Findings from National Institute of Genetic Engineering and Biotechnology Reveals New Findings on Ibuprofen Therapy (Synthesis and evaluation of PEG-O-chitosan nanoparticles for delivery of poor water soluble drugs: Ibuprofen)
By a News Reporter-Staff News Editor at Biotech Week -- Investigators publish new report on Drugs and Therapies. According to news reporting out of Tehran, Iran, by NewsRx editors, research stated, "Current methods for preparation of PEGylated chitosan have limitations such as harsh de protecting step and several purification cycles. In the present study, a facile new method for conjugating methoxy polyethylene glycol (mPEG) to chitosan under mild condition is introduced to improve water solubility of chitosan and control the release of poor water soluble drugs."
Our news journalists obtained a quote from the research from the National Institute of Genetic Engineering and Biotechnology, "The method consists of chitosan modification by grafting the C6 position of chitosan to mPEG which is confirmed by Fourier transformed-infrared (FT-IR) and proton nuclear magnetic resonance ((HNMR)-H-1) analyses. The amine groups at the C2 position of chitosan are protected using sodium dodecylsulfate (SDS) which is removed by dialyzing the precipitation against Tris solution. The chemical structure of the prepared polymer is characterized by FTIR and (HNMR)-H-1. The synthesized polymer is then employed to prepare nanoparticles which are characterized by transmission electron microscopy (TEM), atomic force microscopy (AFM), scanning electron microscopy (SEM), and dynamic light scattering (DLS) for their size and morphology. The nanoparticles are used for encapsulation of ibuprofen followed by in vitro release investigation in gastrointestinal and simulated biological fluids. The chitosan nanoparticles are used as control. The PEGylated nanoparticles show a particle size of 80 nm with spherical morphology. The results clearly show that drug release from PEGylated chitosan nanoparticles is remarkably slower than chitosan. In addition, drug encapsulation and encapsulation efficiency in PEGylated nanopartides are dependent on the amount of drug added to the formulation being significantly higher than chitosan nanoparticles."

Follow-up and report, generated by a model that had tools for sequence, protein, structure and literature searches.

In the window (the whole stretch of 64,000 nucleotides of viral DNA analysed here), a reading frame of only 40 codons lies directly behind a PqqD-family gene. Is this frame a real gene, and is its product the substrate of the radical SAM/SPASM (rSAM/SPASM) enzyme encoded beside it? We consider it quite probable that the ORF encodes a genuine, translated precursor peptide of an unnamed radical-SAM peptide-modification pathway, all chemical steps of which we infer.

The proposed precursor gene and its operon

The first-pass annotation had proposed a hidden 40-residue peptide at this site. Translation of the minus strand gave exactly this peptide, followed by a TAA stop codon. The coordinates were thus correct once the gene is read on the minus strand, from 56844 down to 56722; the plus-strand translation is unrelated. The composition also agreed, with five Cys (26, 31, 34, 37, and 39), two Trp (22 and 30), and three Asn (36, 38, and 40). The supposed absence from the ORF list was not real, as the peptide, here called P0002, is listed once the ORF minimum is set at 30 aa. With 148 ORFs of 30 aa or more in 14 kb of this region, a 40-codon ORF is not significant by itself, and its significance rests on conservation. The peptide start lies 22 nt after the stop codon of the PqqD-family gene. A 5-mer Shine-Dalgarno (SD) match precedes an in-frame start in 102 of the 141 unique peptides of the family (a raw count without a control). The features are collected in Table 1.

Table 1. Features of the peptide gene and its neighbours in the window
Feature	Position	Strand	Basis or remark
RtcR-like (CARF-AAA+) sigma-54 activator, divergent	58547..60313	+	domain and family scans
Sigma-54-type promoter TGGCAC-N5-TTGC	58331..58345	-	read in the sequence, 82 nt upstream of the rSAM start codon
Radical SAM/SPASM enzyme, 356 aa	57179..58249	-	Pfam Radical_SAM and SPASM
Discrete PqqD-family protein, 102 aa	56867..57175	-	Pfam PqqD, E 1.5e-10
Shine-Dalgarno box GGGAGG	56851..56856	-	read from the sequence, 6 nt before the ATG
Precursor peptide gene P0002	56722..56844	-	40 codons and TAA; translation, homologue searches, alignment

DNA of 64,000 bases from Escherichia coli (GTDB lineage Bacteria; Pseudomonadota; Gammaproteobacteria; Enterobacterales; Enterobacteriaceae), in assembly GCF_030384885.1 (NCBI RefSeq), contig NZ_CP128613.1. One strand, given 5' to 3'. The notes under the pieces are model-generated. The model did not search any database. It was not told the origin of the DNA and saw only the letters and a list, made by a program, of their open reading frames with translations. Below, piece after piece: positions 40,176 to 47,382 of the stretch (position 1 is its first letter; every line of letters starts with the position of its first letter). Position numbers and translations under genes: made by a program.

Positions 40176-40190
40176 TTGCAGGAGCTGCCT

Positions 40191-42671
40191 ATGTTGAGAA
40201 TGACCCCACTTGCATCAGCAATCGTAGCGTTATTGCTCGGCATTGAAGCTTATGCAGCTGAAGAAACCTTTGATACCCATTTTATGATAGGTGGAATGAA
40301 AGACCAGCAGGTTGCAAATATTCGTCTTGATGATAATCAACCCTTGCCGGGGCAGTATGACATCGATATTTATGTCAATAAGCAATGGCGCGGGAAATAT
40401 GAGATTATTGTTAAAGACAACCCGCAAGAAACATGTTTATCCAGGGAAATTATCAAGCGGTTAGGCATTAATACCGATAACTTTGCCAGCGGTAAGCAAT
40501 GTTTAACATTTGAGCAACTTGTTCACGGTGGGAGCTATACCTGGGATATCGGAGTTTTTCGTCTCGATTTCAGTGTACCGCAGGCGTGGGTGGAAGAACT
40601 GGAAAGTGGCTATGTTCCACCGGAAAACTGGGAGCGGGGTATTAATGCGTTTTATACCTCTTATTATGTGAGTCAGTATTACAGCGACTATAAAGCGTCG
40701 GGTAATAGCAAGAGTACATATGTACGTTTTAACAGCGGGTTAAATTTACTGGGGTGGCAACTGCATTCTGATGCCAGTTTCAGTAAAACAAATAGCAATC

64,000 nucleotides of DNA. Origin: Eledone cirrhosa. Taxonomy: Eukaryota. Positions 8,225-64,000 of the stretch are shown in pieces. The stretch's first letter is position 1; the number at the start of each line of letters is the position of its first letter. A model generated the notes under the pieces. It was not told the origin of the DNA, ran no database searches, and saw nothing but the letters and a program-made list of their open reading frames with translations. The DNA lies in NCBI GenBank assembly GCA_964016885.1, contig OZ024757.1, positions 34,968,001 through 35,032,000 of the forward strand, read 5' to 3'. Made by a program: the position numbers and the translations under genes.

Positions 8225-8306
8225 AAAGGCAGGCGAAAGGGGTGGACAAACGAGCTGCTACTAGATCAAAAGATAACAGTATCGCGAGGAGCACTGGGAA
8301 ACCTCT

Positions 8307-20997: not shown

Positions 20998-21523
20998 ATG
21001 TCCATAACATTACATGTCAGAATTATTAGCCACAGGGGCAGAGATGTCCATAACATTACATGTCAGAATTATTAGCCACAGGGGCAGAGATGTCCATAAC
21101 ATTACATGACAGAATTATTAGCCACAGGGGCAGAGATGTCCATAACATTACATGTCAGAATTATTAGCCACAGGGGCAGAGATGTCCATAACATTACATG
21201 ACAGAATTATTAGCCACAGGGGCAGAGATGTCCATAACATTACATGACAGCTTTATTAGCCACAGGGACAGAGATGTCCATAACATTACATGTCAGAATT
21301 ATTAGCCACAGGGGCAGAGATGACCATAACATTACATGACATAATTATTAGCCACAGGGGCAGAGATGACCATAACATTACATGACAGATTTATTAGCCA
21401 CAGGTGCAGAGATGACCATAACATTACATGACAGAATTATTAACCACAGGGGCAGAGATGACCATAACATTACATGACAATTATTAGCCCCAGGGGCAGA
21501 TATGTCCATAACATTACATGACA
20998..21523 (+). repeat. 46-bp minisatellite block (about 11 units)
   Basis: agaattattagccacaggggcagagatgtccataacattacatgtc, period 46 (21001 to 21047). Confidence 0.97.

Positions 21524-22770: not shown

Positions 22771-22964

According to the news editors, the research concluded: "This study provides an efficient, novel, and facile method for preparing a nano carrier system for delivery of water insoluble drugs."
For more information on this research see: Synthesis and evaluation of PEG-O-chitosan nanoparticles for delivery of poor water soluble drugs: Ibuprofen. Materials Science & Engineering C-Materials for Biological Applications, 2014;41():91-99. Materials Science & Engineering C-Materials for Biological Applications can be contacted at: Elsevier Science Bv, PO Box 211, 1000 Ae Amsterdam, Netherlands (see also Drugs and Therapies).
Our news journalists report that additional information may be obtained by contacting A.H. Najafabadi, Natl Inst Genet Engn & Biotechnol, Tissue Engn & Biomat Div, Tehran 14965161, Iran. Additional authors for this research include M. Abdouss and S. Faghihi.
Keywords for this news article include: Iran, Asia, Pharmaceuticals, Tehran, Ibuprofen, Nanoparticle, Nanotechnology, Phenylpropionates, Drugs and Therapies, Emerging Technologies
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